An open-source scalar package and associated software tools have been developed in the Scala programming language, including plotting tools based on the free GRACE plotting package. The scalar package represents physical scalars and can help to prevent errors involving physical units in engineering and scientific computation. The scalar package includes a complete implementation of the standard SI metric system of units and many common non-metric units. The design also allows users to easily define a specialized or reduced set of physical units for any particular application or domain. The scalar package can be used in two different modes: one mode provides unit compatibility checking but is slower, and the other mode bypasses the compatibility checks but is much faster and still prevents the most common type of unit error. Switching between the two modes requires no changes in the user’s code, making it convenient and usable with no significant performance penalty for even the most computationally intensive applications.
The checking overhead would not be necessary if it could be left to the compiler. There have been attempts in this direction with Scala typeclasses if I recall correctly, but I think these had limitations.
Over 2 decades ago I made a Java compiler with support of dimensional checking; during compilation it erased the information. It worked fine and without run time overhead, but with some limitations; e.g., you could not make arrays with elements of varying dimensionality.
Shortly afterwards Grant Petty published a Fortran library for dimension checking without that limitation, but with the run time overhead that you may then expect. Full flexibility without runtime cost may be impossible to achieve.
On a high level, formulas in physics are not really about units; they are more about the physical dimensions such as distance, time, speed, acceleration. I miss that level of abstraction a bit in your approach. My extension supported definitions such as
Instead of syntax in the latter line I would now prefer phrases such as Double[Speed] or Speed[Double]. I think that typeclasses could do most of the work that the dimension checking part of my compiler did, but just not all of it. Maybe a relative small change in the Scala compiler could change that.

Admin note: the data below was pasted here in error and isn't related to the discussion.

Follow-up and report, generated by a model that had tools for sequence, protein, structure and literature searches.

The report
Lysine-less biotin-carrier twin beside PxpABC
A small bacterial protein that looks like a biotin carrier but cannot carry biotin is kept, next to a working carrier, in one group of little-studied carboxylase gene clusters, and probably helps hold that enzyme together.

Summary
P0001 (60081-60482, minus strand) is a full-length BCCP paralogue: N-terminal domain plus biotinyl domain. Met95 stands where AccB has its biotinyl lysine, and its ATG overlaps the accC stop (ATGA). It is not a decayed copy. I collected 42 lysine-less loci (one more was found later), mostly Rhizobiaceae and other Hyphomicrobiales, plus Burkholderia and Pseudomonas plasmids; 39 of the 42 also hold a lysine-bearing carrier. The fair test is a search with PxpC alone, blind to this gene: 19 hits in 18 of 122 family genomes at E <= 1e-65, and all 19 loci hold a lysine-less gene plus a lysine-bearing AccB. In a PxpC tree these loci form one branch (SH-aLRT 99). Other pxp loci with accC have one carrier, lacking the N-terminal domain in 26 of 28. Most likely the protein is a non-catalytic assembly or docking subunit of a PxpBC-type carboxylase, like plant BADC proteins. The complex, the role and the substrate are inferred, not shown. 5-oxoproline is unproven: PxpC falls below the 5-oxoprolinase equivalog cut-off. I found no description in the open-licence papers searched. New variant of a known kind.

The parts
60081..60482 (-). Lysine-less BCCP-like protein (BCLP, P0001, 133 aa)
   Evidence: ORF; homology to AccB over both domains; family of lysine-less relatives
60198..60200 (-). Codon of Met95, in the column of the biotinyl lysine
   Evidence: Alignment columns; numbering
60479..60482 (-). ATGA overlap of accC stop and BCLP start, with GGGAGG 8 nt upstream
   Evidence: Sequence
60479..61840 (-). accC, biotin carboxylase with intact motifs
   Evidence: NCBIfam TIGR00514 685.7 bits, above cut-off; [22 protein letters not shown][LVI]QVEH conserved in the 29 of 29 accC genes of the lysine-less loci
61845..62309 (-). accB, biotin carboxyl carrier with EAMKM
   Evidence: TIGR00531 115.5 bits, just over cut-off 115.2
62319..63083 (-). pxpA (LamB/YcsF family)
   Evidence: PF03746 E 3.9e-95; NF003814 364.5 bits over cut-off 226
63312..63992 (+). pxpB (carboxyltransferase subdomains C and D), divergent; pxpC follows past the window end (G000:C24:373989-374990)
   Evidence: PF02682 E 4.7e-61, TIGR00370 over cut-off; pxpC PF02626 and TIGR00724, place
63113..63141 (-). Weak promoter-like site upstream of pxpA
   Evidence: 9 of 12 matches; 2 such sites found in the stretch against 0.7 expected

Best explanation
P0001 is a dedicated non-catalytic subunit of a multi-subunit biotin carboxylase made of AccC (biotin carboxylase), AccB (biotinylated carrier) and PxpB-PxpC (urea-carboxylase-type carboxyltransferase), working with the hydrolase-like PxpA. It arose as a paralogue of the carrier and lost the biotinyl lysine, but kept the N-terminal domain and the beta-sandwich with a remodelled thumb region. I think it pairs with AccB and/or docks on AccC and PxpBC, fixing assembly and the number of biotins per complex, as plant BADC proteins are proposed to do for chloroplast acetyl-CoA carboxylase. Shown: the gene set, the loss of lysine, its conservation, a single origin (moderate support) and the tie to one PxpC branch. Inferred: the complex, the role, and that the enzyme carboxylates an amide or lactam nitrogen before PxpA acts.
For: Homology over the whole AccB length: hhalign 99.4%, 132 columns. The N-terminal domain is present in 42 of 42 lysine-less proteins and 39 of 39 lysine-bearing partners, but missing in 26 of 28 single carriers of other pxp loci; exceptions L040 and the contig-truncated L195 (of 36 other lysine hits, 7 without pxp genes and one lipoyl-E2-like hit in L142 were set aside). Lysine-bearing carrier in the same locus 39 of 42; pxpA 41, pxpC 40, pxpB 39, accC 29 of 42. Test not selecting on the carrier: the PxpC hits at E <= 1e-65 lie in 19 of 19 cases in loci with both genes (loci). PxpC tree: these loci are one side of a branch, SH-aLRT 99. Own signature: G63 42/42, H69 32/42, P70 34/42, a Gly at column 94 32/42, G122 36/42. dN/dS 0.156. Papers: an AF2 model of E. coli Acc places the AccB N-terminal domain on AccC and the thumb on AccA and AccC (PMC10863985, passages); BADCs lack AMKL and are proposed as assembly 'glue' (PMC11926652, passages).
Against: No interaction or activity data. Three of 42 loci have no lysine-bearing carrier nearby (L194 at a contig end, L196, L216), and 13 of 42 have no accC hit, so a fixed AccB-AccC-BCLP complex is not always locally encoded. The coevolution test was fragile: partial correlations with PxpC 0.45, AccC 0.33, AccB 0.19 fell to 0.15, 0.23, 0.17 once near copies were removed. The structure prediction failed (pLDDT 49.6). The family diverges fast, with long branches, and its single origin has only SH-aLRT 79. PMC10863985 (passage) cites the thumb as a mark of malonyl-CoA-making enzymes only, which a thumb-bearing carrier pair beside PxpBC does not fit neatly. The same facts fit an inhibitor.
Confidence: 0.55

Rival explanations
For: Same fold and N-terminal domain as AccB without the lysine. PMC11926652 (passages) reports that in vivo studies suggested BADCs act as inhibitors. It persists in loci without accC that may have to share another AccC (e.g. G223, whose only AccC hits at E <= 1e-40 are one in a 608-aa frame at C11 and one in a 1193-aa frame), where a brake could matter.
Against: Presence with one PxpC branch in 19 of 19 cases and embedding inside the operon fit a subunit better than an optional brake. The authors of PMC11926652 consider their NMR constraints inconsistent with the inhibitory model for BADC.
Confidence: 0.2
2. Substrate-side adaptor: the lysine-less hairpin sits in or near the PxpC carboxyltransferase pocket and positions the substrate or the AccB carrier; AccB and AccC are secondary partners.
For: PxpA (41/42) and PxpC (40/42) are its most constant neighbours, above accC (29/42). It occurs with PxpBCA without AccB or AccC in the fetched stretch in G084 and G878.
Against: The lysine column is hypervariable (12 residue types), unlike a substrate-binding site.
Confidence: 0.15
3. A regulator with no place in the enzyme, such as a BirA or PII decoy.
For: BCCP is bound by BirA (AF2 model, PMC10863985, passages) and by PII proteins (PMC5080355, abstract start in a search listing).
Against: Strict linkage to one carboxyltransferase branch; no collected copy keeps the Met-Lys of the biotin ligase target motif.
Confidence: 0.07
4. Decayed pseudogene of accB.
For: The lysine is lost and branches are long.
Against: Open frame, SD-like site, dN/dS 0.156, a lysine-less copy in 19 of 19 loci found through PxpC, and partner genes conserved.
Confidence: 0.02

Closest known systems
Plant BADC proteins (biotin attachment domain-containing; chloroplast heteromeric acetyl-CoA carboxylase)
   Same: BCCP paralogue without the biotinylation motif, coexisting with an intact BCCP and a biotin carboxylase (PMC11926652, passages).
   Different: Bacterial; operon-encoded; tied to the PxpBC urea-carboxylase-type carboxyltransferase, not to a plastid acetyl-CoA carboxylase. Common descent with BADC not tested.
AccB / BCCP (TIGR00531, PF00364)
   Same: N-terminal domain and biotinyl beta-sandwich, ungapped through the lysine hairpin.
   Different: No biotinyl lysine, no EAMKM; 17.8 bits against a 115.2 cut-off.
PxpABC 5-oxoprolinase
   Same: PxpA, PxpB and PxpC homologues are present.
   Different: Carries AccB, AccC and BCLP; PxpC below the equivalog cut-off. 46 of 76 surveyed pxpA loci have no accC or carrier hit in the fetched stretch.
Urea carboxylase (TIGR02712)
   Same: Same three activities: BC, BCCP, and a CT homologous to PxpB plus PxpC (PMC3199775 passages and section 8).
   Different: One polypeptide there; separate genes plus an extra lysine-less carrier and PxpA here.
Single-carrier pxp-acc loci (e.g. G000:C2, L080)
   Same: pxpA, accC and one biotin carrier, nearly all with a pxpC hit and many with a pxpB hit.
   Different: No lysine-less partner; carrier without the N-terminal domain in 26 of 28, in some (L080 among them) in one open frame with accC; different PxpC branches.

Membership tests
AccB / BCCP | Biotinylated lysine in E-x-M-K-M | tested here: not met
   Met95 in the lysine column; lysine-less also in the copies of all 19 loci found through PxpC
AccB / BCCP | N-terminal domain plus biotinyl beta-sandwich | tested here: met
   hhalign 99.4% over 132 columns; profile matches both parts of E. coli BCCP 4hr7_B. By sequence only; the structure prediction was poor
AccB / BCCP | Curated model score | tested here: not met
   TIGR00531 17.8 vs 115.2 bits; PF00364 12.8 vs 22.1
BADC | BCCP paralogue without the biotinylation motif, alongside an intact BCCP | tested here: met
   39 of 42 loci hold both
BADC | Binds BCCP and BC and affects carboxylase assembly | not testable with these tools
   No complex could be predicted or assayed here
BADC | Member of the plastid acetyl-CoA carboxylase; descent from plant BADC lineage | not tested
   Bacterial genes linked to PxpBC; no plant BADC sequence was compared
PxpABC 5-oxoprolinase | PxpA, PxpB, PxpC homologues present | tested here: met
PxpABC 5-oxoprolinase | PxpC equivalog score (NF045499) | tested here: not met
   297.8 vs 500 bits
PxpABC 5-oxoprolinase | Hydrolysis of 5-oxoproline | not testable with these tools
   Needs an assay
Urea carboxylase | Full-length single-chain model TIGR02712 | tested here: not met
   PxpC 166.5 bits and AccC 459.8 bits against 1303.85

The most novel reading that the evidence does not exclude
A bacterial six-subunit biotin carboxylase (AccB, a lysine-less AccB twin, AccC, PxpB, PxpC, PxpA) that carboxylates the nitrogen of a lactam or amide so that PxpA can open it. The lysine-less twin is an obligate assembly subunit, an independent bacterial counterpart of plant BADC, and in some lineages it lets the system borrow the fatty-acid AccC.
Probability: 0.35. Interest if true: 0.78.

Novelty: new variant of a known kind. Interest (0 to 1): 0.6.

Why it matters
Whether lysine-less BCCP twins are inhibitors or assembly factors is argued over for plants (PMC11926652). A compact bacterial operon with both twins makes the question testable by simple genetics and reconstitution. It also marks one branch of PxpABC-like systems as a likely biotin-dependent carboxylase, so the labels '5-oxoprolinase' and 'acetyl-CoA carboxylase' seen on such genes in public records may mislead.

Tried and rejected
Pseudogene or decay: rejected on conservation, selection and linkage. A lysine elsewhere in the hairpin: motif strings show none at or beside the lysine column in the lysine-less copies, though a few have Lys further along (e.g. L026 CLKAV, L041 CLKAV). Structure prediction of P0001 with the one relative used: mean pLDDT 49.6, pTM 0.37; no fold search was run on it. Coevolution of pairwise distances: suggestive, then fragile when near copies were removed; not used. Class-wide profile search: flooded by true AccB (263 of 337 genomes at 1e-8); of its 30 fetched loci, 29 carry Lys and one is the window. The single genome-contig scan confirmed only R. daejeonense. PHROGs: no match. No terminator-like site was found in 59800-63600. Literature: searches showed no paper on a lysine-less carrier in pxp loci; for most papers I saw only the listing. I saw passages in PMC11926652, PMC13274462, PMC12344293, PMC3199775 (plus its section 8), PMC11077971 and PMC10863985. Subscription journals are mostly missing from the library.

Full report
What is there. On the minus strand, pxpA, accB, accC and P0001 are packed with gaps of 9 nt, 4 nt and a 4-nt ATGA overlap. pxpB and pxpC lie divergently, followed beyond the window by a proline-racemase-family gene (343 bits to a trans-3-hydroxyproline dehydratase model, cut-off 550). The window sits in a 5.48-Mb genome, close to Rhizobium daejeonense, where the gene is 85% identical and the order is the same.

Thanks, Andre. My approach to the problem is a spinoff of my work in air traffic control automation. It bothered me that scalar physical quantities are normally represented as numbers without explicit units. I’ve seen the errors where minutes get mistaken for seconds, degrees for radians and such. Sometimes those errors aren’t detected for a long time – like after a research paper is published – whoops! (I’m referring to a colleague here, of course, not me!) I originally developed my approach in Python, then I reimplemented it in Scala several years ago.
That is some interesting work you did 20 years ago. I skimmed your paper and may take a closer look at it later. It would be nice to have phusical dimensions represented as types and compatibility checks at compile time, but that is very difficult and beyond my level of expertise.
Jesper Nordenberg had that in his Metascala package a few years ago. As brilliant as it was how he used the Scala type system, however, his approach left a lot to be desired. Even though the unit compatibility checks were done by the compiler, the runtime performance was still very slow (by a factor of over 20 IIRC). Moreover, the actual physical units seemed to be a secret known only to the compiler. I couldn’t figure out how to get it to print unit information.
My approach has limitations, but I’m sure you will agree that it is preferable to raw dimensionless numbers.
My approach does not stop the user from defining multiple base units for length, for example. This could actually be considered a feature, I guess. (At one point I thought about defining separate length units for horizontal distance and altitude, since they are rarely combined in ATC, but I never actually did it.)
One of the most common errors in engineering and scientific computation involves mistaking degrees for radians. Using my scheme, one would write sin(30 * deg) to get the sin of 30 degrees. That is of course just a convenient way to do the standard conversion that is routinely done – but often forgotten. A while back, I decided that the trig functions should reject any argument that is not explicitly converted to radians. But radians are dimensionless, and trying to enforce a named unit for it caused other problems (relating to the implicit conversion of a Double to a dimensionless Scalar). I eventually abandoned that effort to force the user to explicitly convert the trig arguments to radians.
In any case, let me know if you have any other suggestions or ideas.
And so on. I typed this in directly. I’m sure there are errors. I hope this gets the general idea across. Types, functors/mutators, monads, simple “*” methods for construction. This will be fast enough for everything less than super computing problems. Depending on the codes, it gives a place to optimize if need be. Move everything out of the type traits and into the final classes, that kind of thing.